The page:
* President Jeenbekov detains some political opponents
* Capital under curfew as troops deployed
* New PM says president to honour pledge to resign soon
BISHKEK, Oct 10 (Reuters) - Kyrgyz President Sooronbai
Jeenbekov strengthened his grip on power on Saturday,
reshuffling top security officials as his principal opponent,
ex-president Almazbek Atambayev, was detained again just days
after leaving prison.
Jeenbekov's allies in parliament elected a new prime
minister, moving to impose order on what close ally Russia has
called a state of political chaos a day after the president
deployed troops in and around the capital Bishkek.
Kyrgyzstan, a entral Asian nation that hosts a Russian
military airbase and is a hub for trade with neighbouring China,
has been gripped by unrest since Oct. 4, the date of a contested
election that was subsequently annulled.
On Saturday night Bishkek was calm, as a state of emergency
declared by Jeenbekov and incorporating a ban on public rallies
and a curfew took effect.
Lawmakers earlier voted in the only candidate for premier,
51-year-old Sadyr Zhaparov, who some opposition factions accused
of being in league with the president.
There was no immediate reaction from Russia to his
Jeenbekov had on Friday instructed troops to re-establish
order amid flare-ups of violence, and military checkpoints were
put up overnight around Bishkek while personnel carriers
patrolled the city.
He also sacked top security council officials who had either
supported his opponents or failed to intervene when the
opposition said on Tuesday it was seizing power.
More than 1,200 people have been injured and one person has
been killed, according to health ministry figures, in clashes
that erupted on Monday following the election, in which
establishment parties had claimed a landslide victory.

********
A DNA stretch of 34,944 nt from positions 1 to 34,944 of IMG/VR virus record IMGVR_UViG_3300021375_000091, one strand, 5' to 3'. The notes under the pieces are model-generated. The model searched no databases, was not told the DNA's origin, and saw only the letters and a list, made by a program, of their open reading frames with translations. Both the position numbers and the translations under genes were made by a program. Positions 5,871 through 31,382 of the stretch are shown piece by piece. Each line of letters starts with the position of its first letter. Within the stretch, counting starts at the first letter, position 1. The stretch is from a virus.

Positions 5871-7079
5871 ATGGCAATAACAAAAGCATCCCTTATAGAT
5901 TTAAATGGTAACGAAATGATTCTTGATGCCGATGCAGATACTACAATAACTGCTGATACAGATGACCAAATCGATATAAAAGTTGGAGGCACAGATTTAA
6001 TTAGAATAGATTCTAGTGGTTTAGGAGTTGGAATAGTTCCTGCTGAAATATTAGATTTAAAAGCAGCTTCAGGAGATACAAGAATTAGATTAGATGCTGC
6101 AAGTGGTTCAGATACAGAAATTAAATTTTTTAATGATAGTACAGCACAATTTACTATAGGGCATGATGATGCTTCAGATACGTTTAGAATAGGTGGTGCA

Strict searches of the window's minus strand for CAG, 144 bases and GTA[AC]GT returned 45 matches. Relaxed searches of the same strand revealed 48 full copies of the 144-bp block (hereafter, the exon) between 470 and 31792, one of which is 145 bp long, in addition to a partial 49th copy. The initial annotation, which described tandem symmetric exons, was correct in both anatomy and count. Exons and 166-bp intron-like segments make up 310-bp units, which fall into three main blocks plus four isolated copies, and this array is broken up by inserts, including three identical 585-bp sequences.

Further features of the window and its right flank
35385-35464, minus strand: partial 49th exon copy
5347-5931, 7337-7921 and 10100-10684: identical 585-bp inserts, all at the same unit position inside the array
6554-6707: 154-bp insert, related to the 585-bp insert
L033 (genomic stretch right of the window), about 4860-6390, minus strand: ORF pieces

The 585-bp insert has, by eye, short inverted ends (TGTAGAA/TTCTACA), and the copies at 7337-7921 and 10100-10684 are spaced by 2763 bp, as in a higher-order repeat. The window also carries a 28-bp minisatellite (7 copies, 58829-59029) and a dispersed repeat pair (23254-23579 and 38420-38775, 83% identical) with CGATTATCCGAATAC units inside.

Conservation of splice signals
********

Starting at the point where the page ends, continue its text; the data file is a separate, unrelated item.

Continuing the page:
With the parliament building ransacked by protesters,
lawmakers gathered on Saturday in the presidential residence on
the outskirts of Bishkek to vote in Zhaparov.
He previously served as adviser to another former president,
Kurmanbek Bakiyev, who was succeeded by Atambayev in 2011.
Atambayev's supporters had on Tuesday secured his release
from prison, where he was serving a lengthy sentence for
corruption, and said he survived an assassination attempt on
The state security service said it had rearrested Atambayev
on charges of inciting unrest. The ex-president is Jeenbekov's
former patron and now his arch-enemy. Among others detained on
Saturday was former deputy interior minister Kursan Asanov, who
had assumed leadership of the ministry when the unrest began.
Prior to his appointment as premier, Zhaparov called for
constitutional reforms before fresh presidential and
He told parliament that Jeenbekov had reaffirmed to him his
intention to resign once a new cabinet was approved.
Before parliament voted on Zhaparov's candidacy, speaker
Myktybek Abdyldayev resigned, meaning Zhaparov would also assume
presidential powers if Jeenbekov stepped down.
Zhaparov's supporters had clashed on Friday with followers
of a few other parties which nominated their own candidate for
PM, Omurbek Babanov.
Kyrgyzstan's opposition is divided between 11 parties that
represent clan interests. Two of its presidents have been
toppled by popular revolts since 2005.
The former Soviet republic, which has a population of just
6.5 million, is also home to a large Canadian-owned mining
(Reporting by Olzhas Auyezov and Olga Dzyubenko
Editing by Frances Kerry and John Stonestreet)